Elementary Mathematics Functions and Operators in MATLAB Elementary Math functions and operators in MATLAB are very easy to use since they are basic and straightforward in nature. Basic operations like addition, subtraction, multiplication, division can be represented by + , - , * , / respectively. In order to raise a number to a certain exponent, just insert ^ after the number and before the exponent. For example, to evaluate 26, just type >>2^6. For matrices or arrays, operations are different (for exponents, multiplication and division) as stated earlier. Some MATLAB basic math functions automatically operate element by element on an array. Functions that operate element by element are given in the table below. Elementary Math Functions abs Absolute value angle Phase angle acos Inverse cosine asin Inverse sine acosh Inverse hyperbolic cosine asinh Inverse hyperbolic sine atan Inverse tangent atanh Inverse hyperbolic tangent conj complex conjugate cos Cosine exp Exponential cosh Hyperbolic cosine floor Round towards infinity fix Round towards zero imag Complex Imaginary part log Natural logarithm log10 Common logarithm real Complex real part rem remainder after division round Round towards nearest integer sign Signum function sinh Hyperbolic sine sqrt Square root tan Tangent tanh Hyperbolic tangent Plots
MATLAB can create high-resolution, publication-quality 2-D, 3-D, linear, log, semilog, polar, bar chart and contour plots on plotters, dot-matrix printers, and laser printers. Some of the 2-D graph types are plot, loglog, semilogx, semilogy, polar, and bar. The command grid adds a grid to the graph, and the command title(text ), xlabel(text ), ylabel(text ), and text(text ) can be used for labeling and placing text on the graph. MATLAB provides automatic scaling. The function axis([xmin, xmax, ymin, ymax])enforces manual scaling. As an example, to plot a sinusoidal function, let y = 2sinx, where x is the abscissa (an angle) and y is the ordinate. Take note that angles are in radians. The listing is shown below. >> x = (0:1/1000:2*pi); >> y = 2*sin(x); >> plot(x,y), title('Sinusoidal waveform'),

Plot of y = 2sin(x)

MATLAB for Control Systems Analysis and Design The functions to be presented are basic and are commonly used in Control Systems applications. These functions are not used directly for solving Control System problems but rather application of these commands will greatly help in solving them. Complex numbers In MATLAB, imaginary numbers are represented using i or j. Mathematical operations are straightforward, similar to operations in real numbers. Given: (25+j65) and (30+j80) (addition and division) >> %Addition >> (25+65j) + (30+80j) ans = 5.5000e+001 +1.4500e+002i >> %Division >> (25+65j)/(30+80j) ans = 0.8151 - 0.0068i Some parameters of the complex numbers can be also extracted like the magnitude and phase angle, real part and imaginary part. , we need to get the magnitude and phase angle of the complex number (25+j65). We have to convert the angle in degrees so we multiplied 180/ to the answer of angle (always in radians).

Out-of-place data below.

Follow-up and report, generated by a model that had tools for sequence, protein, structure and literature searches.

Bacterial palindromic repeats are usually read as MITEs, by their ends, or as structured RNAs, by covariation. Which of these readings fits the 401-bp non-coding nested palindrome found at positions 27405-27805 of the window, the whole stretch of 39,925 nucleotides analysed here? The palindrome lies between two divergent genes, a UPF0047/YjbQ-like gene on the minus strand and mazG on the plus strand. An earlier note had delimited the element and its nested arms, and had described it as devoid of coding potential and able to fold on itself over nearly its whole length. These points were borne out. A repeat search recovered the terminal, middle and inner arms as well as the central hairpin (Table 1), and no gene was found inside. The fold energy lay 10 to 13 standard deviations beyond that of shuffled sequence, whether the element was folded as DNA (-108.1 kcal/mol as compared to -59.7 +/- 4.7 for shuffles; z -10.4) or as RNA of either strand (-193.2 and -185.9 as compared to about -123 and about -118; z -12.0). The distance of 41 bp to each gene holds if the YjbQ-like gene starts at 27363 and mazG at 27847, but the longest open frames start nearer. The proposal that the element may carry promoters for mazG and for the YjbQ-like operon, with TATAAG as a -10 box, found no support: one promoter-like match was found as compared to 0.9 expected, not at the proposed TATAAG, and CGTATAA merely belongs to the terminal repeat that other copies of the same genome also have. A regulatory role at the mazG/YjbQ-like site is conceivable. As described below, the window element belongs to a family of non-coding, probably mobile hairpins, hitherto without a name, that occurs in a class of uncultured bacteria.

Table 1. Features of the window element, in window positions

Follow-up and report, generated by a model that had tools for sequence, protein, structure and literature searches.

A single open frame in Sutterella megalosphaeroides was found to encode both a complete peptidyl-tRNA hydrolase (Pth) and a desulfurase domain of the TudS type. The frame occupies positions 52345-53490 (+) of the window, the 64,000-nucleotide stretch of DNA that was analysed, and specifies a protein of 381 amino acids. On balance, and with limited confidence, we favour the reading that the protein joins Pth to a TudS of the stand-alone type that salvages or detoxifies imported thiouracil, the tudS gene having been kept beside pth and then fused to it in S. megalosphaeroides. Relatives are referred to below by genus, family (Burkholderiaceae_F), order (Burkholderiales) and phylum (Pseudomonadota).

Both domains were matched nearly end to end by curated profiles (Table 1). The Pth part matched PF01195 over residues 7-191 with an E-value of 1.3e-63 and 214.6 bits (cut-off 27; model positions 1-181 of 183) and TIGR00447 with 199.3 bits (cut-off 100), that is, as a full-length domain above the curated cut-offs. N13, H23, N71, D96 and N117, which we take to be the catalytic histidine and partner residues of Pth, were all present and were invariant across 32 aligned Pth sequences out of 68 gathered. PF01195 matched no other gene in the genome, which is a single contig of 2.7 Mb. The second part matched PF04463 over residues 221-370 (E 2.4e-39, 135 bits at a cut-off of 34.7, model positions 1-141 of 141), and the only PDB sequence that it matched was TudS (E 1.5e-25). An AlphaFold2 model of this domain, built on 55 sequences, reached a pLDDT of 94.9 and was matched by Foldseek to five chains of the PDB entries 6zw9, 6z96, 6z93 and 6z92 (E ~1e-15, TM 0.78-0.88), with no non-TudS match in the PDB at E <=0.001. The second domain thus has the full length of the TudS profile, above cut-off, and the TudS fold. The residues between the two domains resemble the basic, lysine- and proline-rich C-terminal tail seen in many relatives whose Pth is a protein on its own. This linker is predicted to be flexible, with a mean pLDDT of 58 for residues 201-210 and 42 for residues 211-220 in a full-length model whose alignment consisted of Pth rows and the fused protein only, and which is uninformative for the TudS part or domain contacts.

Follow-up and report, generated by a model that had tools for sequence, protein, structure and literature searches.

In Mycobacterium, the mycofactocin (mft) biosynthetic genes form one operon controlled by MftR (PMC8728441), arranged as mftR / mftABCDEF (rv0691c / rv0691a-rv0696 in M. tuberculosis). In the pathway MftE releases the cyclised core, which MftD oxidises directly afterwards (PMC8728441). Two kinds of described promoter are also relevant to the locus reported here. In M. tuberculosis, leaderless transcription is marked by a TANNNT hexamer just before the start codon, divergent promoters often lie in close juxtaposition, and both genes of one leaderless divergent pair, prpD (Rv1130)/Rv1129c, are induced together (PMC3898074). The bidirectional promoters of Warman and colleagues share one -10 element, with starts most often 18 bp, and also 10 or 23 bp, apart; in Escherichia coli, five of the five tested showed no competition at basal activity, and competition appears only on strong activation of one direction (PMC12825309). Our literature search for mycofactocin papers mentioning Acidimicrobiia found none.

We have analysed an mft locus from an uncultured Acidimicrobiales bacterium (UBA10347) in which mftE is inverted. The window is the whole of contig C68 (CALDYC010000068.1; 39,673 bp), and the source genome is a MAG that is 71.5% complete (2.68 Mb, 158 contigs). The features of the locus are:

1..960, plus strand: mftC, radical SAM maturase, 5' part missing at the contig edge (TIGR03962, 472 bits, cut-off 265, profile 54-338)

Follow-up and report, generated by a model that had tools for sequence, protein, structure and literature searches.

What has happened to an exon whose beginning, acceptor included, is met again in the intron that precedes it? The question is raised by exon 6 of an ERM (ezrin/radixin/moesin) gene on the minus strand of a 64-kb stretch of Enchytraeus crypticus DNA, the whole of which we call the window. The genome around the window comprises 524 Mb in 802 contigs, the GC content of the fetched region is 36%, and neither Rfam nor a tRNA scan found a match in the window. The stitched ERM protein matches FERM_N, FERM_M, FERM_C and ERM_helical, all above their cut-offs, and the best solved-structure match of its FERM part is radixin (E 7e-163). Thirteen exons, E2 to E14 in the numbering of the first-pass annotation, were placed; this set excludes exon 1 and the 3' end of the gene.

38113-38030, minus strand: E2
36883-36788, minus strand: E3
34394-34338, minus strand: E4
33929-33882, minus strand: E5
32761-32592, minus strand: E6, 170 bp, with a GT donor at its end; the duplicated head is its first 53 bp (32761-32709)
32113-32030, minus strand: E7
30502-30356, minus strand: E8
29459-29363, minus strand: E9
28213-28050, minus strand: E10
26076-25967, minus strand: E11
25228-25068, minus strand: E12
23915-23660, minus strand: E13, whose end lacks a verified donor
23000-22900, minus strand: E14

>> abs(25+65j) ans = 69.6419 >> angle(25+65j)*180/pi ans = 68.9625 >> real(25+65j) ans = 25 >> imag(25+65j) ans = 65

Other basic functions for control engineering applications laplace Generates the Laplace transform of a polynomial in the time domain. ilaplace Generates the inverse-Laplace transform of a polynomial in the s domain.

>> %Laplace Transform >> syms t >> x = 2 + 3*exp(-2t) - 2*t*exp(-2t) - t^2 >> laplace(x) ans = 2/s+3/(s+2)-2/(s+2)^2-2/s^3 >>

Given f(t)= 4 cos (4t) , find its Laplace transform >> %Laplace Transform of Cosine >> syms t >> f = 4*cos(4*t); >> laplace(f) ans = 4*s/(s^2+16)

>> % Inverse Laplace of 2/s+3/(s+2)-2/(s+2)^2-2/s^3 >> syms s >> f = 2/s+3/(s+2)-2/(s+2)^2-2/s^3; >> ilaplace(f) ans = 2+3*exp(-2*t)-2*t*exp(-2*t)-t^2

>> % Inverse Laplace of 4*s/(s^2+16) >> syms s >> f = 4*s/(s^2+16); >> ilaplace(f) ans = 4*cos(16^(1/2)*t) The inverse Laplace is f(t)= 4cos(4t)


Laboratory Exercises